Books: A polemic against Israel

Yakov Rabkin argues that Zionism is racist, manipulative and exploitative.

A man wears a kippa.  (photo credit: REUTERS)
A man wears a kippa.
(photo credit: REUTERS)
Yakov Rabkin, a professor of history at the University of Montreal, argues in his book What Is Modern Israel? that the creation of Israel was a secular “Zionist enterprise” designed to make “a clean break” with Jewish history and Judaism.
The product of 19th-century European colonialism and (biological and cultural) nationalism, Rabkin writes, Zionism rejected the Jewish tradition that the return to the Holy Land was a “messianic project rather than a human initiative of migration;” dismissed Jewish identity centered on the Torah, fused religion, ethnicity and nationalism; “displaced” Jews from their countries of origin to the Middle East; established political and economic control over Palestine; developed Hebrew as a new vernacular national language; and “manipulated public perceptions of Jews and Israel.”
The result, Rabkin maintains, is a Jewish state that equates criticism of Israel with anti-Semitism, commits itself to the use of force and constitutes the principal obstacle to peace in the region.
Rabkin draws on heretofore obscure writings by ultra-Orthodox rabbis to document the conflict between Judaism and Zionism and the “prostitution” of the former by the latter to foster allegiance to the state. His book is a polemic, motivated – apparently – by a conviction that Israel is “the most racist state in the industrialized world” that plays a leading role in replacing self-determination, which seemed to be a self-evident principle following World War II, with re-colonization, military intervention, “wars on terror” that ignore the sovereignty of states, and the hegemony of the West.
The theological arguments of detractors of Zionism, Rabkin claims, have not changed all that much since the 19th century.
For many observant Jews, for whom “the land of Israel has no value detached from the Torah,” the state is not and cannot be connected to redemption.
On Independence Day, the most radical of them have often worn mourning sackcloth and burned the Israeli flag. In the 1940s, Rabkin adds, some Reform rabbis proposed a democratic Palestine in which “neither religious faith nor ethnic derivation would be a deterrent to full participation in the national polity.”
Later, Élie Barnavi, former Israeli ambassador to France, concluded that “deprived of its religious dimension, the dream of a ‘Third Kingdom of Israel’ can only lead to totalitarianism.”
Some religious critics, Rabkin suggests, have been co-opted. Shas, for example, is a haredi political party that has formally joined the Zionist movement. Some hassidic Jews now serve in the armed forces, while others have been silenced by threats of reprisal.
“It appears impossible to set up a loyal opposition of Zionism,” Rabkin indicates, “since the attitude is that ‘You are either with us or against us.’” That said, he notes that religious anti-Zionists still give voice to their views online and in other venues. And the apocalyptic claims of early critics, he asserts, “appear today far better grounded in fact in a nuclearized Israel.”
To Jews in Israel and elsewhere, Rabkin points out, “the concept of a ‘Jewish state’ is increasingly incongruous and foreign.”
Only 40 percent of American Jews believe Israel embodies God’s promise to the Jewish people. And so, Rabkin concludes, Israel is best understood as an ethnocratic “Zionist state” and not a “Jewish state.”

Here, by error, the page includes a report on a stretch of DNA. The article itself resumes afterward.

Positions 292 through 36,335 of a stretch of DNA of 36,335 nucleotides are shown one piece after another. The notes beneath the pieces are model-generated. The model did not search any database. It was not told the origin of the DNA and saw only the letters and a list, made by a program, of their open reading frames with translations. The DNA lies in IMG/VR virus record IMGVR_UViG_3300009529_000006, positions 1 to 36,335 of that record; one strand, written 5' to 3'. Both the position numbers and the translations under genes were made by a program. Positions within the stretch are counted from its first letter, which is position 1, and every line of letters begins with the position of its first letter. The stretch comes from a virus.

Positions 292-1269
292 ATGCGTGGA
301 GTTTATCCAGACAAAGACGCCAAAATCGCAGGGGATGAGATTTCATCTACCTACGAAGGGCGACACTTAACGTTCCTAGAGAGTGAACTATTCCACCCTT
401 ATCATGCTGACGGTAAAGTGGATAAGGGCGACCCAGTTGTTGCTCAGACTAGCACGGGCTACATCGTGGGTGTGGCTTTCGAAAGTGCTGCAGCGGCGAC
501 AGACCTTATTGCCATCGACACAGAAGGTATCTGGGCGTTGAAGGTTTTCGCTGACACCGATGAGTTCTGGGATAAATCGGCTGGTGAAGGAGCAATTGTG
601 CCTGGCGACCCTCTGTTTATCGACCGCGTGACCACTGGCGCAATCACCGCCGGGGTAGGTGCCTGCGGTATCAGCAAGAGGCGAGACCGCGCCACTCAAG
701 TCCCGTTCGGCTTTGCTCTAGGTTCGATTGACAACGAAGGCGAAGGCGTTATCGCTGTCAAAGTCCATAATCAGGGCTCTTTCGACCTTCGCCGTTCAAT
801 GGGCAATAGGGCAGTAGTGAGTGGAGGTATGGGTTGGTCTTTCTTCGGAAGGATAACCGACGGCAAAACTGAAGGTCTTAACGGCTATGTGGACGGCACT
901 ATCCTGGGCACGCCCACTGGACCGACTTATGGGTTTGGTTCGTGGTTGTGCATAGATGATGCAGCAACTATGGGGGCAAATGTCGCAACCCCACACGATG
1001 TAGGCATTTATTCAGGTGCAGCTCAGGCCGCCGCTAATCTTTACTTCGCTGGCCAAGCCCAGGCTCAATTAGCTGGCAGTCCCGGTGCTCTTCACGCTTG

Rabkin throws everything, including the kitchen sink, at Israel. Zionists, he writes, collaborated with Nazis and other anti-Semites to increase immigration to Israel. They exploited – and continue to exploit – the Holocaust to legitimize their enterprise. Zionists have repudiated biblical injunctions that Jews be bashful, compassionate and charitable, accord supreme value to peace, and not resort to force except in self-defense.
Since 1948, they have adopted “a reductionist vision of ‘the Arab’ identical to racial anti-Semitism” and engaged in systematic “ethnic cleansing.” Along with the pro-Israel lobby in the United States, Zionists in Israel have “fabricated” Iran’s nuclear threat. In the wake of the attacks on September 11, 2001, they have influenced the US to treat symptoms of problems in the Middle East without recognizing “that its own policies might have engendered armed resistance.”
And Israel has been “the sole beneficiary” of US intervention in the region.
Rabkin concludes that peace remains possible. The Arab League, he notes, has offered normalization of relations in exchange for withdrawal from the territories occupied since 1967.
And the prospect of a binational state between Jordan and the Mediterranean “has continued to gain ground, both in Israel and the diaspora,” he claims. Even though he acknowledges that Israeli politicians denounce these initiatives as existential threats and that the Zionist structure of the state is not likely to be changed anytime soon, Rabkin thinks there is a decent chance that support for a genuine peace will grow as intellectuals question the concept of “the Jewish People” that underlies Zionist ideology.
What Is Modern Israel? is not likely to stimulate significant support for Rabkin’s views. But he is almost certainly right about one thing: the State of Israel is, indeed, “a vanguard and a barometer of changes that have taken place in international relations, in warfare, and in the ‘war of terror’ in the 21st century.”
Glenn C. Altschuler is the Thomas and Dorothy Litwin Professor of American Studies at Cornell University.